This morning was a bit of comedy of errors. We were supposed to get picked up for Whale Watching at 8:30, so we got ready early and checked out around 7:45, put our luggage in storage, had breakfast, then started waiting for the shuttle. We waited and waited. It was drizzling a bit, but we didn't think anything of it. Eventually I decided it would be a good idea to check my email. Sure enough, whale watching is canceled because of bad weather. The time the email was sent: 7:37. So if I had just checked my email a couple of minutes later, we could have stayed comfortably in our hotel room until check-out time at noon! But now we have 4.5 hours to kill until our airport shuttle comes.
The weather didn't look bad to us, so we decided to walk down the couple blocks to the water. Little did we know it was WINDY! Like, couldn't walk straight, buildings creating a vortex when you try to pass them, etc. It was crazy!
Look, we finally could see the tops of some mountains!
We took refuge in the Harpa building, the music hall of Reykjavik. I have no idea if we were supposed to be in there, but it had wifi and no one told us to leave. So I checked my email and saw that I had to GO INTO the bus station to get the refund for the day's cancelled trip. So lame. Luckily we were only a 5 minute walk to their city-center location. Unluckily, the employees at that location didn't know what they were doing. But eventually it got sorted it.
We walked by the Reykjavik Cathedral again.
A typical street in Reykjavik.
I was so worried that our flight would be delayed or cancelled because of the wind, so when we got back to our hotel lobby I kept checking and checking the flights. But all the flights were landing and taking off as scheduled. And sure enough, our flight took off with no problem!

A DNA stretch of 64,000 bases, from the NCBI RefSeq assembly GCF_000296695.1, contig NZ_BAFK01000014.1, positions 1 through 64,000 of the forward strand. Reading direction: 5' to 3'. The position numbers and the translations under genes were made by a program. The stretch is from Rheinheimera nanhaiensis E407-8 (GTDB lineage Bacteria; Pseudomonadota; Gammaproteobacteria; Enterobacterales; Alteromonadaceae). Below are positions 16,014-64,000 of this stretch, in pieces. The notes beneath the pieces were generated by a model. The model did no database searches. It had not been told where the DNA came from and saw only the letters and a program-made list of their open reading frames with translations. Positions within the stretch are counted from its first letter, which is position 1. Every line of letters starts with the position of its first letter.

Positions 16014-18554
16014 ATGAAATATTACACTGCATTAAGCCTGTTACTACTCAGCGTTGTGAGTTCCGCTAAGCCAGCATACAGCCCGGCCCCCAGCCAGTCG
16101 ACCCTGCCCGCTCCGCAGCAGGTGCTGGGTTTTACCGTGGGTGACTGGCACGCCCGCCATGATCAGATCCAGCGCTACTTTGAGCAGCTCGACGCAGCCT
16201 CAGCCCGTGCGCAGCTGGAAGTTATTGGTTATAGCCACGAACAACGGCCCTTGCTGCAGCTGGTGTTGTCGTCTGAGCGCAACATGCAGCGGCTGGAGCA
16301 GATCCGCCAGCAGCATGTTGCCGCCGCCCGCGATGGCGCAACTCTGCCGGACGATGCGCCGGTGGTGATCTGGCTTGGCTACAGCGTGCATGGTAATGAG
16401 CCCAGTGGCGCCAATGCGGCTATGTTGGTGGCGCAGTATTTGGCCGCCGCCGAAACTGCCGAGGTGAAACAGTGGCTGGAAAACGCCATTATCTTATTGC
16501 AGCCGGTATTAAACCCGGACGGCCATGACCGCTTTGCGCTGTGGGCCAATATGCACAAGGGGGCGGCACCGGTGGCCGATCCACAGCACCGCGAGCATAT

We were so happy to see Axel! He stayed up late to see us. HUGE thank you to Rhonda for taking care of him, and bringing him back to New York for us. He loved hanging out with all the family members for almost 2 weeks. I'm pretty sure he would be ok with staying with them forever!
We rode Icelandic Viking Horses! The breed is virtually unchanged since the 9th century AD.
Jeff with his horse Jonas (pronounced Yo-nnas)
Me and my horse Shonna (pronounced with a long "o" sound)
We decided not to take pictures while we were riding due to the likelihood of dropping our phones from 6 feet up.
We stopped by a beautiful canyon.
For the record, I am TERRIBLE at horse riding. But I managed not to fall off. Mostly by grabbing onto the saddle with one hand.
Next we went on a bus tour of the Golden Circle, which is 3 famous stops near Reykjavik that everyone always visits.
The first stop was the "no man's land" between the European plate and North American plate. The plates are pulling apart by 2cm every year, so Iceland is slowly getting larger.
Jeff took this picture from a moving bus. Pretty good, huh?
Viking horses everywhere
Next stop, the Gulfoss waterfall. The sun came out a bit so we could see a beautiful rainbow.